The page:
Photo Credit: EMP Media/Halfheart Media
Though you wouldn’t guess it from a casual listen, there’s something remarkably ambitious about the second album of Said The Sky – the musical project of Coloradan Trevor Christensen. Like the best albums of our time – take Fetch The Bolt Cutters and Sometimes I Might Be Introvert, for two recent examples – Sentiment attempts to combine multiple opposing musical genres and sounds into something distinctly its own. Unlike those albums, however, Sentiment doesn’t so much fuse together different sounds, as it does merely place them up against each other. Many of these songs begin as straightforward folk-pop – with tales of heartache and longing set over gentle guitar strumming – before an overpowering beat “drop” comes out of nowhere in the last minute or so. Meanwhile, tracks like “Emotion Sickness” begin with acoustic-pop arrangements that recall Ed Sheeran and Shawn Mendes before bizarrely transitioning into a pop-punk-infused chorus.
All of this makes Sentiment a frustratingly fragmented listening experience. On his second album, Christensen sounds like an artist searching for an identity; trying on multiple different musical outfits, before ultimately deciding none of them quite fit right. Sentiment’s ambition is admirable, but oftentimes, in trying to do everything and please everyone, it seemingly pleases no one.
For a large portion of its run-time, Sentiment seems as though it was intended to be “vibe” music; with faint acoustic arrangements backdropping lilting vocal deliveries from a myriad of artists, who sing lyrics that are fittingly sentimental, but rarely truly arresting. Yet, as soon as that happens, there’s some abrupt change of pace that totally changes the mood. A few moments like this here and there could be justified in the name of spontaneity and surprise, but it actually ends up happening with such regularity that it becomes predictable. By the album’s end, you find yourself listening to these inoffensive bedroom-pop numbers, bracing yourself for the inevitable jarring EDM turn – and sure enough, it almost always comes.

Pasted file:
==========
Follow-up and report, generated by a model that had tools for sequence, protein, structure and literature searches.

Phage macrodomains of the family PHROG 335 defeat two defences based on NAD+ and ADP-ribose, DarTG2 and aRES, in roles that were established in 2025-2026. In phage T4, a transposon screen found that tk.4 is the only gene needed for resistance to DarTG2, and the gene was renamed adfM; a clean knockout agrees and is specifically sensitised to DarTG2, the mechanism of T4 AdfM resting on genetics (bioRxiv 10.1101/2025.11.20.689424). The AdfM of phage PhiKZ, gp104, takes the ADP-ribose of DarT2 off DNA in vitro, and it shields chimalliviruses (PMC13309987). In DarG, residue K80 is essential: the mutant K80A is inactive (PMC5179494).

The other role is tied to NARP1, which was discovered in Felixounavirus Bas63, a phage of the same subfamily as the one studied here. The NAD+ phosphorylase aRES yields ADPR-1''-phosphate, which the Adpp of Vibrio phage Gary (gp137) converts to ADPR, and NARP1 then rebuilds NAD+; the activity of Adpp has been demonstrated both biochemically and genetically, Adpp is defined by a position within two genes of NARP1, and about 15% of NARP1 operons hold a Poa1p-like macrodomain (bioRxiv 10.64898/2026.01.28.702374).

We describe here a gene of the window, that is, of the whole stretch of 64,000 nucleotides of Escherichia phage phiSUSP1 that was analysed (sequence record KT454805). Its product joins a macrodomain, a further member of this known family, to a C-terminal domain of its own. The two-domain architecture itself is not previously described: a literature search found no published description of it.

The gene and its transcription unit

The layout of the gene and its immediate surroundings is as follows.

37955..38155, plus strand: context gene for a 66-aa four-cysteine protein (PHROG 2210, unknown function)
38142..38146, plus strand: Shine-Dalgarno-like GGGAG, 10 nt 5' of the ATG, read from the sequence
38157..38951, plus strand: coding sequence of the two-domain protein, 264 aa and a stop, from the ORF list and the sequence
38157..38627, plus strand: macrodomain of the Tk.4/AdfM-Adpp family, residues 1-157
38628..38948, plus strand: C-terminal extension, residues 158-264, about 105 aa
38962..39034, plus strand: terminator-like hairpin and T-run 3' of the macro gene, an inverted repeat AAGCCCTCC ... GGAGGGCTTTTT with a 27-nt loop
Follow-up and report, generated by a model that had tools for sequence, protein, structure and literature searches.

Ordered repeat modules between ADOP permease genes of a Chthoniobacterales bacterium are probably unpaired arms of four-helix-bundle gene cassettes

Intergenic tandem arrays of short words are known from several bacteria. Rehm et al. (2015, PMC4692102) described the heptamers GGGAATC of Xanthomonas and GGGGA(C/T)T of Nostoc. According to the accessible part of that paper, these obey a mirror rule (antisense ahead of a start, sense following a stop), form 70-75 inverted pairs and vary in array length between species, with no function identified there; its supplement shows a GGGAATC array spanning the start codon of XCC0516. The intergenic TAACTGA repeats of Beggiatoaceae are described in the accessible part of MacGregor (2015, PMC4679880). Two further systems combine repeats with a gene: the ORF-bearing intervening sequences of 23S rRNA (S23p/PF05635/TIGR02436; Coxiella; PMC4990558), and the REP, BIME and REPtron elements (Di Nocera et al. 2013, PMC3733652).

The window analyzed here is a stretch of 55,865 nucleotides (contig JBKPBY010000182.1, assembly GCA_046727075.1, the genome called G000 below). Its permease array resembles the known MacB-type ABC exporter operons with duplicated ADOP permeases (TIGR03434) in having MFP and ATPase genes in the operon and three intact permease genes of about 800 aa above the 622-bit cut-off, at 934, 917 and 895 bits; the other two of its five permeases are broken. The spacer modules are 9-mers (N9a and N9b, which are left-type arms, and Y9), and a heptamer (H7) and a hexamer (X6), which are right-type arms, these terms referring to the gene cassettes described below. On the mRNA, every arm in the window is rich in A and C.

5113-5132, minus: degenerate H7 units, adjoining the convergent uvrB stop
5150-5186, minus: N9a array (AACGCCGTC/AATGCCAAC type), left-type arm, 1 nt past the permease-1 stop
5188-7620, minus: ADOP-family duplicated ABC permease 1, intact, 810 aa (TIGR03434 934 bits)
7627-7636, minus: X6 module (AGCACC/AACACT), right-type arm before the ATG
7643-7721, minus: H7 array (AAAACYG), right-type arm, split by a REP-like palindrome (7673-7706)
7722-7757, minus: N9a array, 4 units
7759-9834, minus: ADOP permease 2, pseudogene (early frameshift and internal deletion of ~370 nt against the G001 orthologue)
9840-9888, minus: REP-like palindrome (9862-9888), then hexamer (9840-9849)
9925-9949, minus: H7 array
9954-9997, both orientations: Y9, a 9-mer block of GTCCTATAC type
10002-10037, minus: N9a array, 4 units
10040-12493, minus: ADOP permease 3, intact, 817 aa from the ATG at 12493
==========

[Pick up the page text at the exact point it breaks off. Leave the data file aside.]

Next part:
Every track on here, bar one, has a featured guest, and only one of those guests appears on more than one track. Each artist does their job and succeeds in their admittedly limited role to varying degrees, but none truly leave their mark. It all contributes to this uncomfortable, yet unshakeable, sense of hollowness. The songs of Sentiment tell of real emotions – real-life experiences. Yet they’re paired with such insipid arrangements and pitch-perfect, but unremarkable, vocals that it’s hard to be sold on what these songs are selling.
Both “We Know Who We Are” and “Forgotten You” employ attention to small details that are clearly inspired by the songwriting of Taylor Swift (“Punk band playing Black Flag…lead singer wearing dog tags”, “It was Christmas Eve when I heard you leave”). But like so many songs here, it quickly devolves into soulless EDM, and like so many songs here, its exploration of this sound is far too brief and surface-level to yield any remotely interesting results.
Meanwhile, lyrical short-comings are exposed on “Legacy”; which sounds far more interesting than most songs here but ultimately dissolves into a mindless ABC rhyme scheme (“How did enemies come from chemistry? // At least you and me left a legacy?”) Like most of the songs on Sentiment, it seeks to express real feeling, but ultimately only offers hints of it.